When all the smoke and dust settled out from the nominations, there were a total of four tickets running for the office: Abraham Lincoln and Hannibal Hamlin carried the Republican standard; Hamlin was from Maine, and had ties to the Seward faction of the party. Stephan A. Douglas and Herschel Johnson were the "regular" Democratic nominees; Johnson was from Georgia, and had been considered somewhat of a fire-eater in the days of the 1850 Compromise, but had recently moderated his views. John C. Breckenridge and Joseph Lane were nominated by the "Southern" wing of the Democratic Party; Lane was from Oregon, but had roots in North Carolina and was a pro- slavery man. Finally, the Constitutional Union Party put forward John Bell of Tennessee and Edward Everett of Massachusetts. Douglas was the only one with even a ghost of a chance of gaining significant votes all across the country. Lincoln was not even on the ballot in the South, and Breckenridge would get few votes in the North. (All four party platforms are on my Web site, under

(The Republican one is an extract; the others are complete.)

Some attempts were made by the Democrats and Constitutional Union men to combine efforts to defeat Lincoln. Most of these fusion efforts were stillborn, but a few actually showed signs of potential success. But in the end none of it mattered. Douglas broke with tradition and stumped the country on his own behalf; he was campaigning in Iowa when he heard that the October state elections in the lower midwest had gone to the Republicans. Recognizing that this meant those states would go for Lincoln in November, Douglas told his secretary, "Mr. Lincoln is the next President. We must try to save the Union. I will go South." Go South he did, at great peril to his failing health and also to his life, as Southerners were not interested in being told by the apostate Douglas that the election of Lincoln was no grounds for disunion.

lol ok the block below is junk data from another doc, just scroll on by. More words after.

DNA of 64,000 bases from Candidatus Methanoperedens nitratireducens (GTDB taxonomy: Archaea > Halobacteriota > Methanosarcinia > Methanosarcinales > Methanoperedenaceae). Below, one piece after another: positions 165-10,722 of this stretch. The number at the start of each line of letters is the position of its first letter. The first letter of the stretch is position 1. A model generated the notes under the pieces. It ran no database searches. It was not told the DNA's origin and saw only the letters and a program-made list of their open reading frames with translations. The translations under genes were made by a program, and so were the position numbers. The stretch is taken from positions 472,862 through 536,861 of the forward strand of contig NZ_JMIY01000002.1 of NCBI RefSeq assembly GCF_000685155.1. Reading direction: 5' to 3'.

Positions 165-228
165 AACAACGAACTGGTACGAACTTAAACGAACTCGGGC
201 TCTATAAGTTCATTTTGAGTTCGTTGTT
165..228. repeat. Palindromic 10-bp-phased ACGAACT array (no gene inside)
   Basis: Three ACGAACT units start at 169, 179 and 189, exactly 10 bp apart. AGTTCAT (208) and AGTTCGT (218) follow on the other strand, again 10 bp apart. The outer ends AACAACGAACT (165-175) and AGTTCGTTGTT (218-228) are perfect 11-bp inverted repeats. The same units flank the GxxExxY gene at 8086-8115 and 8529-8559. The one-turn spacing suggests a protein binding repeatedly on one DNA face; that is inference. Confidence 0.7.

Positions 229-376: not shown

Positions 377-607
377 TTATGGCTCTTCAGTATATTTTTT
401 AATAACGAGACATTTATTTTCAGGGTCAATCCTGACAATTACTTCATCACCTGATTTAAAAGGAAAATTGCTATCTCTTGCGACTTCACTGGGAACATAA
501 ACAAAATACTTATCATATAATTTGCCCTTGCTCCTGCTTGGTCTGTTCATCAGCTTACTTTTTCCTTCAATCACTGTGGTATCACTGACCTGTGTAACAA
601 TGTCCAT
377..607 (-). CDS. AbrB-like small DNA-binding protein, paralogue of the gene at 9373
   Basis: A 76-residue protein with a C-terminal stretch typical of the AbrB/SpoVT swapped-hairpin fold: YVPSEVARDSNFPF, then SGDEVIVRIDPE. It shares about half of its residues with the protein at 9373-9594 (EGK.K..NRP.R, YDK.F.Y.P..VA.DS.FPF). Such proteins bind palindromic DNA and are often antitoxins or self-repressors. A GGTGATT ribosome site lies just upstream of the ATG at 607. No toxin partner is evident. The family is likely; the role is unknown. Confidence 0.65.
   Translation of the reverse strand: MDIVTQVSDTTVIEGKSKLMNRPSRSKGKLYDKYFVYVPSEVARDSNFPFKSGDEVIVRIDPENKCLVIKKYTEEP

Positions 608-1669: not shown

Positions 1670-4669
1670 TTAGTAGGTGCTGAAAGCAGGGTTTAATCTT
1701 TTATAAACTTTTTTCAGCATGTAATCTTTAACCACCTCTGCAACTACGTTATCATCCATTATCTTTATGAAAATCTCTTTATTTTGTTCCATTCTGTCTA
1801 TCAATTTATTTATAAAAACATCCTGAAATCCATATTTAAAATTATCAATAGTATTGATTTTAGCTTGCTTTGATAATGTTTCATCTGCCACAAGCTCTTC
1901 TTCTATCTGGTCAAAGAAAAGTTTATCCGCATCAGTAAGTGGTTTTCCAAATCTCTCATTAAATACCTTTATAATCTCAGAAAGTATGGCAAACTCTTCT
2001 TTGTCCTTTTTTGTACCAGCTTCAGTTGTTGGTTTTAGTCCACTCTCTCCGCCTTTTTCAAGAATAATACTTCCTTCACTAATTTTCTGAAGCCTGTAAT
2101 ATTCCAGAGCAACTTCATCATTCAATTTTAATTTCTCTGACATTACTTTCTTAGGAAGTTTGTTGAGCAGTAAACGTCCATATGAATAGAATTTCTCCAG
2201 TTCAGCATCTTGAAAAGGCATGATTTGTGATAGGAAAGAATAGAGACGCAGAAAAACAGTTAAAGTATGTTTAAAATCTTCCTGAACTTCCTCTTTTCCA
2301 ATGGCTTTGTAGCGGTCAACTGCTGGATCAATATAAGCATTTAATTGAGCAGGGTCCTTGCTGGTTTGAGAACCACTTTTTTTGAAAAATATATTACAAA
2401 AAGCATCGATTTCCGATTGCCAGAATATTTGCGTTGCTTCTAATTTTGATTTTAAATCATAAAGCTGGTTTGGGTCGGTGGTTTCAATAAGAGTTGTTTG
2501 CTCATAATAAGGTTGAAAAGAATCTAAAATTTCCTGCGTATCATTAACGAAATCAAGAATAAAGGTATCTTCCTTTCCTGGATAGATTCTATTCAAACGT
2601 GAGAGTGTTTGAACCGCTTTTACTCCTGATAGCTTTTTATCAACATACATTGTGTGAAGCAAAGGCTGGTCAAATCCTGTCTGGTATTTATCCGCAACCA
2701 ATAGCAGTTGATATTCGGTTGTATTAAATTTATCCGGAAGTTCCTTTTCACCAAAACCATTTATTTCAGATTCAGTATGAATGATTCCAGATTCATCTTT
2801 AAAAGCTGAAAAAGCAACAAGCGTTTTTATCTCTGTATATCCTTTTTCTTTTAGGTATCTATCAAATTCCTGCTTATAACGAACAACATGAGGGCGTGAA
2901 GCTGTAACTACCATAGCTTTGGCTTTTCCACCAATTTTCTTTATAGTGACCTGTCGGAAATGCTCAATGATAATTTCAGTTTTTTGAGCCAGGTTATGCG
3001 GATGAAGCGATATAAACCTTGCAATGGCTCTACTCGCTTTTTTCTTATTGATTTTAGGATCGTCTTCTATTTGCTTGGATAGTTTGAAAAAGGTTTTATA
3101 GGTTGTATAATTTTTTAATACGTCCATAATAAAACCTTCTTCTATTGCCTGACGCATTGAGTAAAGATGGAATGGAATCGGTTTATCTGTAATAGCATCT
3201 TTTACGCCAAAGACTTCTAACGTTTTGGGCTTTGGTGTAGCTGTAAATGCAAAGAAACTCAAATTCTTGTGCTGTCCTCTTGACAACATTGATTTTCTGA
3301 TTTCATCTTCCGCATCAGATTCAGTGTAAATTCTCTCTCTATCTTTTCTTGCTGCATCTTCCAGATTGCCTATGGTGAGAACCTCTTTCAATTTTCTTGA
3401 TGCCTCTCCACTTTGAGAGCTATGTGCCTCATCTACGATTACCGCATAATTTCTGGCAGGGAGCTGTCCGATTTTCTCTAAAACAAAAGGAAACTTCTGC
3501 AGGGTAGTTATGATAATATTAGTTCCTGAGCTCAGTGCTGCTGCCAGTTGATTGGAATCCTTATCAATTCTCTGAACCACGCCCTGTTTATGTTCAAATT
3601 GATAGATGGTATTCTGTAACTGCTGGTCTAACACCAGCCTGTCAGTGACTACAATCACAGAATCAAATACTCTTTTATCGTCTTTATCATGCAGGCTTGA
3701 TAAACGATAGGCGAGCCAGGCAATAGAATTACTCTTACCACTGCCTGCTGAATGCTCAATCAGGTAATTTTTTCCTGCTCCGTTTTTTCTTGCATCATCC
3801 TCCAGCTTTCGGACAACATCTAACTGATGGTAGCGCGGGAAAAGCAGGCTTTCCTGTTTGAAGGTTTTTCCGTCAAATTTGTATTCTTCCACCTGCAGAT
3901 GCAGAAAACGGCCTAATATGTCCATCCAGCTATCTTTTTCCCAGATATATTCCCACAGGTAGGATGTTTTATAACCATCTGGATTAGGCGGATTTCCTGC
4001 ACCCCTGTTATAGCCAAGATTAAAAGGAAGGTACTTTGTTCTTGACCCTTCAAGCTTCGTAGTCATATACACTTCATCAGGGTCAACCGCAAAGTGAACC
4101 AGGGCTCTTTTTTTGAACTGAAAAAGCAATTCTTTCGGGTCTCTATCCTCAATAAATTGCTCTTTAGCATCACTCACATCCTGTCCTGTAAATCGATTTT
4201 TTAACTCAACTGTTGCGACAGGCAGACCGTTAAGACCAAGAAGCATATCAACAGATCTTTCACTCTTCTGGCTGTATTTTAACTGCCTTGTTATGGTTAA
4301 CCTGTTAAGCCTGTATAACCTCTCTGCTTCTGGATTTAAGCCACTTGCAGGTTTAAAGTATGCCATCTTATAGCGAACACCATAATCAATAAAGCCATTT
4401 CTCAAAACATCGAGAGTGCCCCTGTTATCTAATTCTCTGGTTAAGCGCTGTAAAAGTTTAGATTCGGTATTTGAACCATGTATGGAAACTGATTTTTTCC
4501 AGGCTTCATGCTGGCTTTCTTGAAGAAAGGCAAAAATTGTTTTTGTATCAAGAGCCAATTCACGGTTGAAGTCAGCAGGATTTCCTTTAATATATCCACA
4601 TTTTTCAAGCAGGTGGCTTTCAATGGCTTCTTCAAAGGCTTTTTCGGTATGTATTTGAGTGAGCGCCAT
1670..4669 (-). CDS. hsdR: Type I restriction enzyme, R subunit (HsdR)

With a four-way horse race it is easy to twist the resulting returns to support almost any interpretation. After all, Lincoln was out-polled 2,815,617 to 1,866,452. Lincoln was indeed a minority president, but even if all his opponents' votes were combined, Lincoln would still have decisively carried the electoral vote. One important view of the election is that taken by Allan Nevins, who pointed out that a vast majority of the votes (3,243,409 to 1,438,660, or 69%) had gone to men (Lincoln or Douglas) who were committed to the end of the expansion of slavery. It is true, they differed on how to do it and they differed on their view of slavery itself. But we cannot escape the conclusion that the country as a whole had made a decision that fall about what it thought the future of slavery should be. Charles Francis Adams, soon to be Lincoln's ambassador to Great Britain, wrote, "The country has once and for all thrown off the domination of the Slaveholders."